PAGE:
|PDF Title :||Q&A Series Constitutional and Administrative Law, Fourth Edition|
|Total Page :||434 Pages|
|Author:||Helen Fenwick & Gavin Phillipson|
|PDF Size :||2.5 MB|
|PDF Link :||Available|
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Q&A Series Constitutional and Administrative Law, Fourth Edition
Before the inception of PACE, the police had no general and clear powers of arrest, stop and search or entry to premises. They wanted such powers put on a clear statutory basis so that they could exercise them where they felt it was their duty to do so, without laying themselves open to the possibility of a civil action.
In s 1, a general power to stop and search persons is conferred on the police if reasonable suspicion arises that stolen goods or prohibited articles may be found. This general power is balanced in two ways.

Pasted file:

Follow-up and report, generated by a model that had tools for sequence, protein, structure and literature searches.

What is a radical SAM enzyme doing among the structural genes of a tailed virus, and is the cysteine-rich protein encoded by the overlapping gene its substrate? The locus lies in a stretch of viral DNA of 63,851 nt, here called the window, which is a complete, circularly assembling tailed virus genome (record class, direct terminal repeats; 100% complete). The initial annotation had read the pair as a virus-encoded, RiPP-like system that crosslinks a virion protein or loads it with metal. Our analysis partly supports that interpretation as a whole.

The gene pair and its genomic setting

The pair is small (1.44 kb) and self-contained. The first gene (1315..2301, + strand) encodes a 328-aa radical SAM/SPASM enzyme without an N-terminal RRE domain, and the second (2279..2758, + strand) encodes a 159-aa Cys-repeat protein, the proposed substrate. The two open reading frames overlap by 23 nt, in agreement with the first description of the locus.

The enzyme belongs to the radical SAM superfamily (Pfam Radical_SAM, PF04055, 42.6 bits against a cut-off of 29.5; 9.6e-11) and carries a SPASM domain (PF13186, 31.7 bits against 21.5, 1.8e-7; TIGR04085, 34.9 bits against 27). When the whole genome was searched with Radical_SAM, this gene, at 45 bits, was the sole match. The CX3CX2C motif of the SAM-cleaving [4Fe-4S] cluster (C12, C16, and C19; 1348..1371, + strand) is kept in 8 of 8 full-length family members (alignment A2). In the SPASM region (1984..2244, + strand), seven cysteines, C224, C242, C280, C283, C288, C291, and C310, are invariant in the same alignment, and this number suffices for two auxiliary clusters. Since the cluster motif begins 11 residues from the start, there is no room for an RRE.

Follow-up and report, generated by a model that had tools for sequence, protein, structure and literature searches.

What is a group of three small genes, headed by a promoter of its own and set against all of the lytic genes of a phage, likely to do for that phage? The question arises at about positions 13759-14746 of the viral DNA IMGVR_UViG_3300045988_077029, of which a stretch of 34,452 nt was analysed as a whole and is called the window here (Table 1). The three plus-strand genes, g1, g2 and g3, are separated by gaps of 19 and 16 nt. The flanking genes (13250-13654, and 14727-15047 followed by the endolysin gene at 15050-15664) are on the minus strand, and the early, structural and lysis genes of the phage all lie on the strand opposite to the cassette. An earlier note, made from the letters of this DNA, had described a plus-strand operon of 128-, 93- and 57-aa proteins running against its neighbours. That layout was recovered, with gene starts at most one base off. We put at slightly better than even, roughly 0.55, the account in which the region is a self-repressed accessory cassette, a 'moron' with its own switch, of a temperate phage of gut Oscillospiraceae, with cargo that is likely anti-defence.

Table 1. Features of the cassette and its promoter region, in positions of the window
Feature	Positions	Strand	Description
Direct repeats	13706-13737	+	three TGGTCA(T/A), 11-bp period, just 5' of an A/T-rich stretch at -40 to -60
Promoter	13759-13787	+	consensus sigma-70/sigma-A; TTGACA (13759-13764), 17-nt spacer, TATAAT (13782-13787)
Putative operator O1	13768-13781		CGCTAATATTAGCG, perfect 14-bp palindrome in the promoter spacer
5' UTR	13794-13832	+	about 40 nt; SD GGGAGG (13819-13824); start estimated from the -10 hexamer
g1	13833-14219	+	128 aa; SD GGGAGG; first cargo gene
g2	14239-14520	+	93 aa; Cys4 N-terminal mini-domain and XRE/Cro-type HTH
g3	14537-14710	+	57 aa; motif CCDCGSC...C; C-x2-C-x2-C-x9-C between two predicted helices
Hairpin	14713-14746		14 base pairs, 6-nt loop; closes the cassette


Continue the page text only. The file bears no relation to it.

First, the concept of reasonable suspicion, which is defined in paras 1.6 and 1.7 of Code A, allows it to be exercised only when quite a high level of suspicion exists.
Secondly, the police must give the person to be searched certain information, including the object of the search and the name of the police station to which the officer in question is attached.
However, these safeguards can be evaded if the search is made on an apparently voluntary basis, although certain restrictions on voluntary searches under Code A go some way towards addressing this problem.
It should be pointed out that s 1 of PACE may be undermined in any event by s 60 of the Criminal Justice and Public Order Act 1994, which in certain circumstances allow stop and search without reasonable suspicion if authorisation has been given by a superintendent.